Thousands of Flat Rock residents remain under an evacuation order following last week’s gasoline leak into the city’s sewer system.
State environmental crews are now flushing the sewer with water. Jill Greenberg, a spokesperson for the Michigan Department of Environment, Great Lakes and Energy, says lines are being flushed to end the risk to residents.
“At this point, the flammable hazard from the unleaded gas has been mitigated. … It’s at trace levels at this point, we’re still pushing it through.” –Jill Greenberg, a spokesperson for the Michigan Department of Environment, Great Lakes and Energy
“At this point, the flammable hazard from the unleaded gas has been mitigated. And right now it’s just flushing the rest of that gas through the system. And it’s at trace levels at this point, we’re still pushing it through,” she says.
She says flushing the sewer has no impact on drinking water or the environment.
“The drinking water is municipal. It’s separate and contained away from sanitary sewer. So there’s not a concern. Additionally with all this flushing, that water has to go somewhere it’s going to a wastewater treatment plants where it’s treated,” she says.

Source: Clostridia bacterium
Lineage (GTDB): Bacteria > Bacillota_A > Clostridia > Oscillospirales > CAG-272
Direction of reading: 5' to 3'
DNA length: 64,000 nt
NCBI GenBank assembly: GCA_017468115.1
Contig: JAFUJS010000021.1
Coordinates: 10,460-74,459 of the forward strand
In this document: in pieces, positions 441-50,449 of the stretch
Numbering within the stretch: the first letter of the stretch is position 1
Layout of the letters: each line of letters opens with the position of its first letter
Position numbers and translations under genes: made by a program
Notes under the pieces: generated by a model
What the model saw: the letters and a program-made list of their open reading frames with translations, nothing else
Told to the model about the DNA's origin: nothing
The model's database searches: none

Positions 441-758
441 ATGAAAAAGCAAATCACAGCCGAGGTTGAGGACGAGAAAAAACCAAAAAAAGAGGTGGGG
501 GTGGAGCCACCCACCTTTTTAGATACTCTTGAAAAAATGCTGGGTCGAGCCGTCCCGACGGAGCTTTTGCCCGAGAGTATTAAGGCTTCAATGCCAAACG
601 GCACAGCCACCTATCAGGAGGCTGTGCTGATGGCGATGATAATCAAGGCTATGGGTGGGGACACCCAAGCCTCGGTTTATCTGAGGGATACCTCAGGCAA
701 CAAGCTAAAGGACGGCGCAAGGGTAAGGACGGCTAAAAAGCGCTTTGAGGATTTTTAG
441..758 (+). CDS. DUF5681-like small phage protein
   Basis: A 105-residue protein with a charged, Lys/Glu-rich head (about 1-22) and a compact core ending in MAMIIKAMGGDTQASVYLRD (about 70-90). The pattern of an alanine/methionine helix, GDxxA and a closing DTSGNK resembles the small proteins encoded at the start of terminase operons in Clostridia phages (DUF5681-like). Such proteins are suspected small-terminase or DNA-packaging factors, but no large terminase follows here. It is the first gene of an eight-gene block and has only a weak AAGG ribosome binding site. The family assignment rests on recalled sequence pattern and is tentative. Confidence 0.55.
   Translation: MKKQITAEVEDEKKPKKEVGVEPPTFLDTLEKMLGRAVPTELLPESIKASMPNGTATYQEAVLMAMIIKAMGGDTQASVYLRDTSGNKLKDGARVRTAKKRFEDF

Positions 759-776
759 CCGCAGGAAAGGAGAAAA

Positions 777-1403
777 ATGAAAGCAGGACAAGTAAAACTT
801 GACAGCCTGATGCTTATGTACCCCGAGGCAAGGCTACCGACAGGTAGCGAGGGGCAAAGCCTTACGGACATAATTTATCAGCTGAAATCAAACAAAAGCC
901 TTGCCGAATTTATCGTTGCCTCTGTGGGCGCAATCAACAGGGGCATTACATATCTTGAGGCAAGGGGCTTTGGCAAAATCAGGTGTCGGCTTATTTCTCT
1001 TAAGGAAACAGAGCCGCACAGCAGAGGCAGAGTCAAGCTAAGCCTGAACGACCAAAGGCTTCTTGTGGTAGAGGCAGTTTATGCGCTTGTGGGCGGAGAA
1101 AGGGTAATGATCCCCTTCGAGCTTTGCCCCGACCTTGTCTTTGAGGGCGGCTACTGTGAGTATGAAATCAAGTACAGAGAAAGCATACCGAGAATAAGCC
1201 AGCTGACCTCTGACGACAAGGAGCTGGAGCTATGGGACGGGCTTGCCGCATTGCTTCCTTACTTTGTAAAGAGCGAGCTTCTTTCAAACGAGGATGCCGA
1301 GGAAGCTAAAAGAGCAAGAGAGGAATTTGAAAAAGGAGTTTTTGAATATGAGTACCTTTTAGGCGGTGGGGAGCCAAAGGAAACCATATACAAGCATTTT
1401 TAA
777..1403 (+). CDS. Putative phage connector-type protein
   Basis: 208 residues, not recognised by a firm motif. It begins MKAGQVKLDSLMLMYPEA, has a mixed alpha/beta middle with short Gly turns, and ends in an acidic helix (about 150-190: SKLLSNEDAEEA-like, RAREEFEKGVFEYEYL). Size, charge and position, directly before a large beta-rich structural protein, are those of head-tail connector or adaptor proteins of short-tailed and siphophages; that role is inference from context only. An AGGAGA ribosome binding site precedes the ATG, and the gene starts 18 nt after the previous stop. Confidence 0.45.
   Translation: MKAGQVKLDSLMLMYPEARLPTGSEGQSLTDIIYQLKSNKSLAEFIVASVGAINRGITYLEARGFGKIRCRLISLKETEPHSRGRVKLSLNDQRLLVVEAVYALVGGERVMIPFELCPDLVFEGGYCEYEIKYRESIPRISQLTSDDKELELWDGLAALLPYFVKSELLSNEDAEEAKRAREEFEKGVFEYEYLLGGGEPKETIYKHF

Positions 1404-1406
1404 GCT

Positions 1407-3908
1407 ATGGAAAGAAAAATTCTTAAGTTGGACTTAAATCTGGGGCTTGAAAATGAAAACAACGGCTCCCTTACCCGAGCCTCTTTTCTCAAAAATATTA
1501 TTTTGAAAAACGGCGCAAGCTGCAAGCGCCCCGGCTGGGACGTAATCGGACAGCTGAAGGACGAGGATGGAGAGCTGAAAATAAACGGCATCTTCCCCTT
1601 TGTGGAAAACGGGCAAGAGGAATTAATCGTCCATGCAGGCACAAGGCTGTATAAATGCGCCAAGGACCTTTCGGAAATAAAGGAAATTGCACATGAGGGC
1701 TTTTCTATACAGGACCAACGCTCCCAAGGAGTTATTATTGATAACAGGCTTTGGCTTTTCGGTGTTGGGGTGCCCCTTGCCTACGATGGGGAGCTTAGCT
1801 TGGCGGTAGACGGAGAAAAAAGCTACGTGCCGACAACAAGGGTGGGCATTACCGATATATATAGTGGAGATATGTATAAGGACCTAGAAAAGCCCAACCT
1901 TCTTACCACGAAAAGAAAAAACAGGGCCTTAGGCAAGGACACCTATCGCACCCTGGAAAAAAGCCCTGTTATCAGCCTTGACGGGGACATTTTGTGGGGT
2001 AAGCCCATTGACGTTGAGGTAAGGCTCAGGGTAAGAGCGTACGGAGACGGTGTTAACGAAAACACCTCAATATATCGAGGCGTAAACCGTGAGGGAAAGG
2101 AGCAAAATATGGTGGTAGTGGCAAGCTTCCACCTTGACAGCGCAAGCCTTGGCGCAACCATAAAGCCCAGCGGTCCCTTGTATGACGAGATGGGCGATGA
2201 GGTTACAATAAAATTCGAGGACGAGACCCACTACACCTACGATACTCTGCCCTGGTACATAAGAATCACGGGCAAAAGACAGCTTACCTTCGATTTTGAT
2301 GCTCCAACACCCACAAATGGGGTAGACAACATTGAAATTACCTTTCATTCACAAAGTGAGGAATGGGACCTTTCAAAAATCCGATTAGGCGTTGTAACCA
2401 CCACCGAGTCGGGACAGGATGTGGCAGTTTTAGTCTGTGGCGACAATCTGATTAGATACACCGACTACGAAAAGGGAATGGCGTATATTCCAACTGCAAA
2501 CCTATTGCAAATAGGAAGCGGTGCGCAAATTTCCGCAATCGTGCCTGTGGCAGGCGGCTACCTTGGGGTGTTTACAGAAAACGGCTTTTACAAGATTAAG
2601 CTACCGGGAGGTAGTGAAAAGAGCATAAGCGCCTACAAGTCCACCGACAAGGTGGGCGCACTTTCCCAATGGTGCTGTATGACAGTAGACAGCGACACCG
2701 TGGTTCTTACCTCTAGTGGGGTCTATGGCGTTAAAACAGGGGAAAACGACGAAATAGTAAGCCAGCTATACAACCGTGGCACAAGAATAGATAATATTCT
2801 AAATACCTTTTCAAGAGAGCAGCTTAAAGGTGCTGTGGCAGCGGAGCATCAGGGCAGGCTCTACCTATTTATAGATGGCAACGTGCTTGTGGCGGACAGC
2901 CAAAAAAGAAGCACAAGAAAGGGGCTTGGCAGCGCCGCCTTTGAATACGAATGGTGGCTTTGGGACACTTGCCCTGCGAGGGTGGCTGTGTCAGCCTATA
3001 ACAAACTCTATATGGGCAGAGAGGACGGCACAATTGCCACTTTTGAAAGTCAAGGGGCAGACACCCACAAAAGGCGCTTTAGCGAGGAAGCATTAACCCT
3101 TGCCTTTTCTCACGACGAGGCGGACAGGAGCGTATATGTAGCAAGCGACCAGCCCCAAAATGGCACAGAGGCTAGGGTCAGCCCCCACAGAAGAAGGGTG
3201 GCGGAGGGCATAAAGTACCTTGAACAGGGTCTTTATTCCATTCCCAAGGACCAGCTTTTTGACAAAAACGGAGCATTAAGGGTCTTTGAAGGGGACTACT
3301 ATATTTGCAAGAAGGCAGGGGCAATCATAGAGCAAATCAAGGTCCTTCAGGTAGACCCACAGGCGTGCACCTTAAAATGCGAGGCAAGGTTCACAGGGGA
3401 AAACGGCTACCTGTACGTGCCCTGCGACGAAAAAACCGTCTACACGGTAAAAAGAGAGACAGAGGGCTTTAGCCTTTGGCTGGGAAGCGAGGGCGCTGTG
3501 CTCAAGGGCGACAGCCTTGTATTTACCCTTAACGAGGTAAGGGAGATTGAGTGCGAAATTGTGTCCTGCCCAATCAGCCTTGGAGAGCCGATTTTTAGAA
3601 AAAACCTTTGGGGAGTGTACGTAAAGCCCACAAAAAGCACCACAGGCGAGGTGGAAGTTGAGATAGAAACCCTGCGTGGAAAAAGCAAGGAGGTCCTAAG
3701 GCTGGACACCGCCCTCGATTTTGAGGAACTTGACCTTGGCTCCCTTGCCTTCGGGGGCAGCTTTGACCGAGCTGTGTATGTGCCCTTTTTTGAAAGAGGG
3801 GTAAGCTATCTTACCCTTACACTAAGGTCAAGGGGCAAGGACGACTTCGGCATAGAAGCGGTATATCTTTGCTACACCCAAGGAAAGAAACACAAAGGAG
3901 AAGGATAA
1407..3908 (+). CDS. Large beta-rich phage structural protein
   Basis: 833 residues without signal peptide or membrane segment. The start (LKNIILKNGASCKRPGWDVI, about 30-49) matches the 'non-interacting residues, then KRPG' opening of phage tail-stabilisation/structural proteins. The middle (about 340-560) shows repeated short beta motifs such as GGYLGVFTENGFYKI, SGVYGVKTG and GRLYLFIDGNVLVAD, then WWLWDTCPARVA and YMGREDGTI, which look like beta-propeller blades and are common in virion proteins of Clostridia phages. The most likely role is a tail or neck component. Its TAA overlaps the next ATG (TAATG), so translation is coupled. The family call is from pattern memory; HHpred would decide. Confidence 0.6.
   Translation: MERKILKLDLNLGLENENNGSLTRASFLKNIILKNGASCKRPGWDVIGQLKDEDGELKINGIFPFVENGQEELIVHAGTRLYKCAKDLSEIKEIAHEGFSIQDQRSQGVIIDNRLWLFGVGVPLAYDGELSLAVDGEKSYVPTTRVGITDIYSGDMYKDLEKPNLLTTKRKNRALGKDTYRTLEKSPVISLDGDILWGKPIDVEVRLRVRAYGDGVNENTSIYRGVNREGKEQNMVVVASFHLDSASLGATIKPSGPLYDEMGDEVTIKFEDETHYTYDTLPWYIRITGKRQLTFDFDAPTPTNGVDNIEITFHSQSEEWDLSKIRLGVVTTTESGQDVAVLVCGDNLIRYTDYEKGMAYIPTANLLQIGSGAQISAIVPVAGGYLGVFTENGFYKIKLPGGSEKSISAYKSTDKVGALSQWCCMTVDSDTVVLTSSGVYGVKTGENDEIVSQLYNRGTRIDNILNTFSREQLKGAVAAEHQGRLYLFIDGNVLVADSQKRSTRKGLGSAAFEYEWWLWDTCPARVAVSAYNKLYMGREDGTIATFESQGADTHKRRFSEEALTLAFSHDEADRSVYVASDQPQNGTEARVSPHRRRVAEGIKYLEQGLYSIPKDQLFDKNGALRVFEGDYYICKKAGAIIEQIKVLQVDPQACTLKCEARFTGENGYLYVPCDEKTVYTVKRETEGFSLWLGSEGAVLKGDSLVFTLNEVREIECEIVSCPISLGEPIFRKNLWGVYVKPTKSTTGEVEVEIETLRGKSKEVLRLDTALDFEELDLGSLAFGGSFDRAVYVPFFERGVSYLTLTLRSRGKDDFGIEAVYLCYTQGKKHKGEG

About 1,400 gallons of gas leaked from an underground storage tank at Ford’s Flat Rock assembly plant last week. The automaker is on the hook for cleanup costs.
Ford on Wednesday discovered “what originally looked to be a relatively small leak in a pipe that carries gasoline used to fuel vehicles built at the plant,” said Bob Holycross, Ford’s vice president of sustainability, environment and safety engineering, according to the Associated Press. But on Friday, the company “determined that the scale of the fuel leak was much larger, and that Ford is the likely source of the problem in Flat Rock, for which we apologize,” he said.
EGLE and the EPA continue to oversee Ford as the company investigates how gasoline entered the sanitary sewer, and the investigation into how the leak occurred is ongoing. It’s not clear when residents who live near the plant will be allowed back into their homes.
The Associated Press contributed to this report.